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The model is the standard way to create and store annotations in a tomogram. The most usual application of a model is in particle picking and extraction.

A model has three basic functionalities, applied sequentially:

  1. Data input
    Controls how the user feeds data into the model. An appropriate model provides the user with tools to inspect the tomograms, locate manually or semi-automatically regions, structures or coordinates of interest and mark them.
  2. Geometrical computation stage.
    Converts the input into particle positions.
  3. Archiving the annotations.
    Models are naturally integrated inside the catalogue system, making the process of extracting particles very easy.

For the first two functionalities, Dynamooffers different types of models, adapted to the different geometries that you might encounter: filaments, vesicles, irregularly shaped membranes, isolated particles, pseudo-crystaline arrangements....

Working with models

Input stage

This part represents the interaction with the tomogram. Depending on the model, it might imply directly clicking particles, or clicking centers of vesicles, points on a membrane.

In most models, this stage produces a matrix of points in the field points of the model.

Computation stage

Once the initial points that describe the geometry of interest have been introduces, the user can choose for different parameters that will determine the actual location of the parameters. For instance, for vesicles, the user can choose the separation of particles for an even distribution on the vesicle surface, for filaments the user can chose the distance along the axis between successive cropping points. This process ranges between the trivial (isolated particles without preassigned orientation) to more complex construction (particles evenly distributed on arbitrarily shaped membranes)

At the end of this stage, all models will contain (non empty) fields crop_points and crop_angles. Dynamo will use them internally if you crop particles with the catalogue (useful when several models and tomograms are present), or you can extract a single cropping table corresponding to this particular model


Basic operations with models


Model files and model objects

A model file is simply a file containing a model. A model object is a model as seen in a current Matlab or Dynamo Standalone session.

Programers A model object has always a superclass of type model, and the class will depend on the particular geometry.

Types of models

Isolated particles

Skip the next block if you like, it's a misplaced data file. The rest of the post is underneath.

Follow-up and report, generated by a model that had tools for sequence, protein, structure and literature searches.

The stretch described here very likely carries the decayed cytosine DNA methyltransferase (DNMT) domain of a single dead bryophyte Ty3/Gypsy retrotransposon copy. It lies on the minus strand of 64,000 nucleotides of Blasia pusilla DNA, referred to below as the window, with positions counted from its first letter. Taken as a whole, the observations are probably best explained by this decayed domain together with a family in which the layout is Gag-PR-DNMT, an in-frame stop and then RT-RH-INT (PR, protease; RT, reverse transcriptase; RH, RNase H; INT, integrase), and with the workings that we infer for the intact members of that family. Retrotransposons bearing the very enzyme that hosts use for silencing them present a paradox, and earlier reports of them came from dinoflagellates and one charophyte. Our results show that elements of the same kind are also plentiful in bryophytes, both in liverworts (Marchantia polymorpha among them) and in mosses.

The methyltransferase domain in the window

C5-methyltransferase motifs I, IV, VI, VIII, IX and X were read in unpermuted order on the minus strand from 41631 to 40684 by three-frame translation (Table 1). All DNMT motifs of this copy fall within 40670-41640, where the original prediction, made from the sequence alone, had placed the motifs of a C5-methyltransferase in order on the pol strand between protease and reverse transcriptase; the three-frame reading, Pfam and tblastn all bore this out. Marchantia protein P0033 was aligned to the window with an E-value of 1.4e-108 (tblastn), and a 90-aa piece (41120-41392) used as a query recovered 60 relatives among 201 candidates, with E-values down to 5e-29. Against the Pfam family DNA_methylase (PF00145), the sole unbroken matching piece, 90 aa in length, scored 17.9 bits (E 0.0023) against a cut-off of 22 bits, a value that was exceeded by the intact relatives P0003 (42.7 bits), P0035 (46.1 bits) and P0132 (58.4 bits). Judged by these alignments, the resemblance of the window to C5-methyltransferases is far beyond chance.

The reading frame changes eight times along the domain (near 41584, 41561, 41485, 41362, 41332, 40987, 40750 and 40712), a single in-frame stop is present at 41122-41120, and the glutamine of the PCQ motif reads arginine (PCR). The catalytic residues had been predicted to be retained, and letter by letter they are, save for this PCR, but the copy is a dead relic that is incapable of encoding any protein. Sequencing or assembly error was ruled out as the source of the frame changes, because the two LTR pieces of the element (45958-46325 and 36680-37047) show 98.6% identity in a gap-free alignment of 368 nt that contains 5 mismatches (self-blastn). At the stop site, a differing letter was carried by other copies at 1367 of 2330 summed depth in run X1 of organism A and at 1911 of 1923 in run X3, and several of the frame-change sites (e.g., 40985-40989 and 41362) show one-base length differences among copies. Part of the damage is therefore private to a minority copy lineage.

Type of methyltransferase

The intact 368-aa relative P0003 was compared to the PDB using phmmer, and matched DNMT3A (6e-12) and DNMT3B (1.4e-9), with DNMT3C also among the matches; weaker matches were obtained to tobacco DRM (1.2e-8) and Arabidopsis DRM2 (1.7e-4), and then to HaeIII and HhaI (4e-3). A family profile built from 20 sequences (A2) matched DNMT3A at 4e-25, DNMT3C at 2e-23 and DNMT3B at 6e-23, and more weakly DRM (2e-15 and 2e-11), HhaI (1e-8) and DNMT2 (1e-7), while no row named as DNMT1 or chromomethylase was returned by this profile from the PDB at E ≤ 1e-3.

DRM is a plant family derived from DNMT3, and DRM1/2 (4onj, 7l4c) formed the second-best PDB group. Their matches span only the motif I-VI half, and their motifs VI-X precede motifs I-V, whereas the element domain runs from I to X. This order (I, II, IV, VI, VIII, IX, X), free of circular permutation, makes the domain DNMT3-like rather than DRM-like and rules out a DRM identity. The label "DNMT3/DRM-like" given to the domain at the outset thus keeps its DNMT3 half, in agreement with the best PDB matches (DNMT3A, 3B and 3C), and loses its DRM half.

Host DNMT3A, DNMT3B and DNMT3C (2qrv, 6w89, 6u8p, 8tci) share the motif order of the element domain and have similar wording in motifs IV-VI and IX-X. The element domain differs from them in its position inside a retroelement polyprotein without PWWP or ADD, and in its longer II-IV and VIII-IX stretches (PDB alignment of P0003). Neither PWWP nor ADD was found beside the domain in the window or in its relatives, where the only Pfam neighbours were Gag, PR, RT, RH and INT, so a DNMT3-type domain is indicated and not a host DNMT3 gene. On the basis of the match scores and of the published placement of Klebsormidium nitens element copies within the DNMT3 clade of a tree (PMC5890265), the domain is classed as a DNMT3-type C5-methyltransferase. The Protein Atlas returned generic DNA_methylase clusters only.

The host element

In those modes, the Geometry computation stage


Main article: Vesicle model

Adequate for particles evenly distributed along filaments. Subomograms can be defined to include full sections of the filament (with an initial orientation coaxial with the filament) or to be defined as centered in the building subunits and with an initial direction orthogonal to the axis. Filament models can also be used as support geometry for particles the decorate the filaments irregularly.


Main article: Vesicle model

When particles are regularly distributed on a membrane (or a membrane fraction) that cannot be approximated by a vesicle.


Main article: Vesicle model

Adequate for particles evenly distributed on spheres or ellipsoids.

Archiving models

After creating or working with a model, it is important to remember to save it into disk. This will save the model in an appropriate place of the catalogue folder, and also create some internal links inside the catalogue.

Importing models

Coordinates and angles can be defined in other programs and imported into Dynamo as models. When an external file is imported as a model, Dynamo will fill the points fields of the models (and possibly other geometric parameters depending on the model type), covering the Point input stage of the model. The geometry computation stage can then be performed inside Dynamo.


Command line options

Models can read an write normally using dread and dwrite. Basic models use the extension ".omd" (object model).

Adding a model to a catalogued tomogram

A file representing a model created on a catalogued tomogram will lay in a predefined position. For instance, a model named someModel created by Dynamo in one of its catalogue-based tomogram viewers for the volume indexed as 2 in a catalogue named my Catalogue will be automatically stored in the position: myCatalogue /volume_2/models/someModel.omd

Now, if you have produced a model object myModel independently of the catalogue system, and want to embed it and assign it to a catalogued tomogram, you might have the temptation of just saving it as dwrite(myModel,'myCatalogue /volume_2/models/myModel.omd'). This is not correct, as the catalogue needs to preserve some internal links

  1. Assign the model with a Dynamo command
    dcm -c myCatalogue -l 2 -am myModel.omd
  2. Alternatively, you can tell the catalogue to relink all the files found in the models folder of one or more volumes.
    dcm -c myCatalogue --relinkAllModelFiles

If you have created a model

Plotting models

An easy way to visualize the contents of a model object is with the ezplot method. Type symply: >> myModel.ezplot to get a menu of plotting options.